I’ve never been much of a babyproofer for example.(I babyproofed the house, but they got in anyway!) My oldest just didn’t get into anything. But my next child gets into everything, and would have benefited greatly from some more babyproofing (as would I!). I give my kids a lot of free reign in my house, but I have had people not want me to watch their kids because of that.

    And for me with my three, I need to keep them close, because their judgments aren’t sound and I only have two eyes!

    And to Janna– I am glad your two your old gets that knives are sharp and stoves are hot, but I sure hope you keep them out of reach!

  8. Welcome, Denise! My dear friend is a “child injury prevention specialist” – and she was horrified when she found out we had a trampoline. So much so that she inundated me with statistics on accidents on trampolines, and I got rid of it. I still miss that thing, and my oldest is still angry that I got rid of it.

    How much safety is too much? When you are preventing your children from having safe, age appropriate fun and learning experiences because of the boogie man.

    How much parental control? There are so many variables. Location. Age of the child. Maturity of the child. Safety nets available to the child. When my 10 year old was 5, he was all about using the men’s restroom and having mom stand outside the door. My 5 year old? Wants to use the women’s restroom and wants Mom holding the stall door. If not in there with him.

    GOOD parents, whether they are free-range are not, know that there is no one-size-fits-all approach.

  9. Both Janna and Mindy bring up important points. Parenting is about knowing your kid and where he or she is developmentally. My 10 year-old son is easily spooked walking on city streets, so I don’t send him out on his own (plus we live on a busy state highway/street… not the most ped-friendly place to be!). On the other hand, he’s perfectly happy traipsing through the woods on his own. He knows what to do should he come upon a cougar, bear or other less scary wildlife. Is it risk-free? No. Can I control his experiences when he’s out there, meandering within a defined area on his own? No.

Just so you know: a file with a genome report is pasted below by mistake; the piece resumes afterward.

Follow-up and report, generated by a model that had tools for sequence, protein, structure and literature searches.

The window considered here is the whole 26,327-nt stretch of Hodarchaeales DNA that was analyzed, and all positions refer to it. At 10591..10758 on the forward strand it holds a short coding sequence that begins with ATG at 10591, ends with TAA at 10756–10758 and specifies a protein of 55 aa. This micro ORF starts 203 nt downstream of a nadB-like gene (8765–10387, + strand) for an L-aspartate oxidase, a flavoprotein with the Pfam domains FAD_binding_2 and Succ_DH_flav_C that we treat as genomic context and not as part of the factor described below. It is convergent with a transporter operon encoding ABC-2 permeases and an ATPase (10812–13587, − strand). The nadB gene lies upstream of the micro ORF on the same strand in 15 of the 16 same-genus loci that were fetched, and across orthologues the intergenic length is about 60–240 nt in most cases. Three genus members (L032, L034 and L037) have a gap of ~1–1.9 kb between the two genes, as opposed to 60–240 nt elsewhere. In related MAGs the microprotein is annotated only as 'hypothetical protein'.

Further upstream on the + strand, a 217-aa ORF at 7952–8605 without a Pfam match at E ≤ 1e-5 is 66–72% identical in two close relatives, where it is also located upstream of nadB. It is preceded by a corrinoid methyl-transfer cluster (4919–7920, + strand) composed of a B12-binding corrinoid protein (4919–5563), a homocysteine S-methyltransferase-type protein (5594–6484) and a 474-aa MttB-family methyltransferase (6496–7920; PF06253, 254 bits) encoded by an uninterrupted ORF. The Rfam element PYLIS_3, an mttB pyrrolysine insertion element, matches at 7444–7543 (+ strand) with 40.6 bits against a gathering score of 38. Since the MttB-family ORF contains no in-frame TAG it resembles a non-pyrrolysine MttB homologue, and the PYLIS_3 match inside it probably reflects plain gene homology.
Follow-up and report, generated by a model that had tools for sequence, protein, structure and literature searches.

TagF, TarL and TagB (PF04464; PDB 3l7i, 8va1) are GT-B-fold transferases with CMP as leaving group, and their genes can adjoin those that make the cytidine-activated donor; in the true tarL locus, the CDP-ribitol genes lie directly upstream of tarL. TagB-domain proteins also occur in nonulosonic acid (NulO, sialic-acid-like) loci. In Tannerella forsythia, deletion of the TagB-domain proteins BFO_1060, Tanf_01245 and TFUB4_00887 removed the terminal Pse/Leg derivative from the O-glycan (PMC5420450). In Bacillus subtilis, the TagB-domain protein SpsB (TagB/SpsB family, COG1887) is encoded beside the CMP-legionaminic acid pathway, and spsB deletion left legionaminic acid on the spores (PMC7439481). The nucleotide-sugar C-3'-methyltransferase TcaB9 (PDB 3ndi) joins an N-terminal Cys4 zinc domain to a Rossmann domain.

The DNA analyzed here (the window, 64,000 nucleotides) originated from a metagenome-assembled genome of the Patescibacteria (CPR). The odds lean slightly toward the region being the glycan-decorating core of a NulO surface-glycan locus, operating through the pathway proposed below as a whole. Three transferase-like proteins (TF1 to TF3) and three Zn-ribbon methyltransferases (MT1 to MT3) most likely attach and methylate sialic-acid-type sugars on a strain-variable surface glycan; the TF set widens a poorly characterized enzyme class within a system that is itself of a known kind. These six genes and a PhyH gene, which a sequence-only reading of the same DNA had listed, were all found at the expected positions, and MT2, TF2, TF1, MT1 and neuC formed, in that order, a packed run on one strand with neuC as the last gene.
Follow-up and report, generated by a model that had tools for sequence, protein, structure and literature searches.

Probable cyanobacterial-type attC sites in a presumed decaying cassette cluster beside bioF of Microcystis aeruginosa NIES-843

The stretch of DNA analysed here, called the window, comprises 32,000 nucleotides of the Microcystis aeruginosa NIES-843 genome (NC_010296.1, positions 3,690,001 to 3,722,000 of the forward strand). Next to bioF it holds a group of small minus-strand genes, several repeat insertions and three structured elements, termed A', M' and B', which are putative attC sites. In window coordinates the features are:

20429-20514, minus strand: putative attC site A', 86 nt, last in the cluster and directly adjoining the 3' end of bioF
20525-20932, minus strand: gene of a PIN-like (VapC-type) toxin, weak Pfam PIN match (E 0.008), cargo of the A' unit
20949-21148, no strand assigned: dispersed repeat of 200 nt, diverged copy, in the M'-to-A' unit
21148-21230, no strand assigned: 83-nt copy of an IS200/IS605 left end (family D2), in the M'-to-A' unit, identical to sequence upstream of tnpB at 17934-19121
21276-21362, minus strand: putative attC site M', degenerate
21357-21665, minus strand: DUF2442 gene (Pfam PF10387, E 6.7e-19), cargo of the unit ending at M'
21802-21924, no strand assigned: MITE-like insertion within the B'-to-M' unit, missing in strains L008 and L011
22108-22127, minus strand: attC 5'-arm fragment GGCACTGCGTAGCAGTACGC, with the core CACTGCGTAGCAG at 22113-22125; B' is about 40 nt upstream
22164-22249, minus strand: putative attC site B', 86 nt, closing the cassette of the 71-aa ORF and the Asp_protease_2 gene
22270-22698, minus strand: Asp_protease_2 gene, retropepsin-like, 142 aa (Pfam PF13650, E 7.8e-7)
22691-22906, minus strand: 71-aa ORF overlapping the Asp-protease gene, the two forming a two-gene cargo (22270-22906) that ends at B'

That’s the other part of the equation–each parent has a different tolerance level for risk, both their own and their kid’s. I was reminded of this at a recent birthday my 4 year-old daughter attended at one of those indoor party centers. It was a slow day, so our group was the only one there. Yet some of the parents closely tracked their children’s every move through the benign bouncy play structures. Other parents, including me, lounged off to the side, counting the minutes until cake time.

    I think some of the best injury prevention experts, aka safety people, try to offer helpful information as a guide, not a mandate for parents. But sometimes, the safety messages come off as just that–as a rule that “good” parents should follow.

  10. Denise, I’ve recently learned about the growing academic field of children’s studies and the training of “playworkers,” people who specialize in inspiring children’s play without controlling it. Sounds a little squishy, but maybe well-intentioned. I thought I’d bring it up because it seems relevant.

    I also wanted to mention a PBS documentary, “Where Do the Children Play,” that I haven’t seen mentioned on this site. (Forgive me if it’s already here somewhere.) I thought some parents might want to look up this film, as well as the related Alliance for Childhood (allianceforchildhood.org). Here’s a description of the film:

    WHERE Do the Children Play?” is a PBS documentary, book, and outreach project about the
    vital importance of open‐ended creative play for the healthy development of children. This
    kind of play is disappearing from children’s lives because of unsafe neighborhoods that
    parents’ fear of “stranger danger,” even in safe neighborhoods; the seductiveness of
    electronic games and entertainment; an increase in teacher‐led instruction in preschool and kindergarten
    that is pushing child‐initiated learning and exploration out of the classroom; and children’s diminishing
    access to woods, fields, vacant lots, parks, and other semi‐wild play spaces.

    The documentary film was inspired by Elizabeth Goodenough’s book Secret Spaces of Childhood (University
    of Michigan Press, 2003). Goodenough, a scholar in the emerging field of children’s studies, noted that time
    outside school was increasingly filled with adult‐organized activities and indoor screen time. Children no
    longer had the space or opportunity to organize their own play or discover their own secret spaces.

  11. I am the mother of four kids ages 20 months through 10 years.